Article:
Photo: Camelia Elias

Because it’s counterintuitive, the prevalent view of the symbol is to regard it as belonging in the category that we call ‘intuition’.

Insofar as we can argue that the intuitive faculty is a visual faculty, I can see why the symbol, steeped in visual imagery, should be thought of as having to do with the creative part of the brain, the part that dreams in images and weird translations.

In reality, however, all that we call ‘symbol’ is really just a label, and the cognitive faculty that enables us to label belongs to the rational mind.

Next time you pick up your cards, ask yourself:

How much is my thinking in tarot terms label-driven, not intuitive-driven at all?

I’ve written extensively on what I make of intuition, as I always equate intuition with pure clarity, not dream, fog in the head, and bumbling in the dark, however creatively (see for instance my essays on reading cards for precision, in intuitive trifecta, or generally about what I think of how the tarot works).

But in the context of an opposition between intuition and the symbol as label, I’m afraid to say that the symbol loses the creative game.

Structuralist and poststructuralist literary critics have already pointed to the problem with the symbol and its lack of substance, and the Zen folks way before have also deconstructed the pants out of the symbol, also pointing to the ridiculousness in elevating belief to the status of reality via some arbitrary sign.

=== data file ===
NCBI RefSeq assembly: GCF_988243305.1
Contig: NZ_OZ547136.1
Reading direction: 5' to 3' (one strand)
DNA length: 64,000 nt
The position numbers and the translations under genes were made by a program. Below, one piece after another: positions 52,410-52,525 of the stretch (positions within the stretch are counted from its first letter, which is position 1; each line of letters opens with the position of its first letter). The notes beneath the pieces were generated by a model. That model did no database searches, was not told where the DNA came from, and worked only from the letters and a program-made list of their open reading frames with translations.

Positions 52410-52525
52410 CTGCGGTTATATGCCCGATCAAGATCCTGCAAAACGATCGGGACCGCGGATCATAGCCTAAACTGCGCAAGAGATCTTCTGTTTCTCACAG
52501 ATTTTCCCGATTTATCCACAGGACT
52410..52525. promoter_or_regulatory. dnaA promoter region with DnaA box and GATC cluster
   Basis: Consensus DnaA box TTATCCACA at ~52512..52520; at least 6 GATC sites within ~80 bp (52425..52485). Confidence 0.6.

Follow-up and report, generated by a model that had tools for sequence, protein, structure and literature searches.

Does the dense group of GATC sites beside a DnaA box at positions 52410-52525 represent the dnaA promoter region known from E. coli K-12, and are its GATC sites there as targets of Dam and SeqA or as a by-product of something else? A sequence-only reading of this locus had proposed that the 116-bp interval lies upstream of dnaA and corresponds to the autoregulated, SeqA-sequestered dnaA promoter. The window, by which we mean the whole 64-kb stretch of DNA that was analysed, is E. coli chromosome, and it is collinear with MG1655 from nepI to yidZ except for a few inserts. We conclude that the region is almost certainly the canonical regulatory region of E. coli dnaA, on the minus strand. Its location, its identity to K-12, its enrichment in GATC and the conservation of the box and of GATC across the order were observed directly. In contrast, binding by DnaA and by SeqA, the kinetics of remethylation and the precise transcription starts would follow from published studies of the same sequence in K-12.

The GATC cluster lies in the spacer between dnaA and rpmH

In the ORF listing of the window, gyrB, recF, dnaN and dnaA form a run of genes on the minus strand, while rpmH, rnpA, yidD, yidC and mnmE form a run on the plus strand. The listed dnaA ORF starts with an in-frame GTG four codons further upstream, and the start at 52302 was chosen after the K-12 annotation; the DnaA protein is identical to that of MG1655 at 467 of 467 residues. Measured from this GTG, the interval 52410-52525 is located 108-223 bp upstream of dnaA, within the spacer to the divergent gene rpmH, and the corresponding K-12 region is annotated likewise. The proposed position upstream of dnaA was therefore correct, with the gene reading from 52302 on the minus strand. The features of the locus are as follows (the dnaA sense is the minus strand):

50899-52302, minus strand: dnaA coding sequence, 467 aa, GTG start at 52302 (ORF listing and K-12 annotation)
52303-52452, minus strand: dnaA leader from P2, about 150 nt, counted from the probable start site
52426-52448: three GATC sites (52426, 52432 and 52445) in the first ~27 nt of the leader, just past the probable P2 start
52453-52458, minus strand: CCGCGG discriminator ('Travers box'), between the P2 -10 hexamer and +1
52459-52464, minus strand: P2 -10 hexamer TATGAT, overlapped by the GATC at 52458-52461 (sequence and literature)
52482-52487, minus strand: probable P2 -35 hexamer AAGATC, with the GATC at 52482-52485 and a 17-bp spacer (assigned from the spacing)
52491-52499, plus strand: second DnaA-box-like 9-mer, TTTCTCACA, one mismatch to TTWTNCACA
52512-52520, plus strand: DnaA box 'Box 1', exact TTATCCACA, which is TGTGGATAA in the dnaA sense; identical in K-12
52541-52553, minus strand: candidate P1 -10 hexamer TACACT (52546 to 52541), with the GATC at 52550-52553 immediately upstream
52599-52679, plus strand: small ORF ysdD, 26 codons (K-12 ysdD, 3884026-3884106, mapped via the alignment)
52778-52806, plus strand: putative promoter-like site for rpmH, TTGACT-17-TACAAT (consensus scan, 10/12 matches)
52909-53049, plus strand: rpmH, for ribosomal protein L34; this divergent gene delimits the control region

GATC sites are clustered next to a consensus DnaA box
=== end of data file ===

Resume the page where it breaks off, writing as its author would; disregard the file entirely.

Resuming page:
But it occurred to me today that many in the cartomantic world don’t realize what is at stake when we place intuition next to the symbol, with many mixing the sources for the two.

Some 8 years ago at Frank’s house.

I was prompted by these thoughts, because I was reminded of a fun discussion with collector K. Frank Jensen, when he first showed me his precious Carolus Zoya Marseille tarot, the only original in the whole world.

He watched me going over it, and asked: ‘Why do you like it so much?’

I said: ‘Because of the tulips.’

‘That’s it?’ He asked again, making some big eyes.

‘Well, no,’ I said. ‘I also like it because it’s so soapy, and silky to the touch.’

He made even bigger eyes.

Carolus Zoya Marseille Tarot, ca. 1780 (Photo: Camelia Elias)

See, what this exchange reveals is the following:

There’s a difference between reading and seeing. Frank’s questions were related to reading; reading the culture and the history behind his treasure, decoding labels and the symbol, and marveling at systems of correspondences. All belonging to the rational mind and its joy in constructing meaning.

Me, I was just behaving in an uncultured way, being oblivious to all that to the point of ignorance. I was seeing beyond reading. I was seeing smell, and touch, and form, and color. I was seeing harmony and balance, space and emptiness.

It goes to show. Some are intuitive, others are rational.

Meanwhile, the Carolus Zoya is safe with me… under the Popess’s broach insignia, a camellia, not a tulip.

Photo: Camelia Elias

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About Camelia Elias
Camelia Elias, PhD, Dr.Phil., is a former university professor. After 20 years in the academia, she left her career to pursue her interests in teaching and writing on the philosophy and practice of reading cards. She works with contemplative arts, oracular language, and martial arts cartomancy and Zen at her own school, Aradia Academy. You can read more about the author here.

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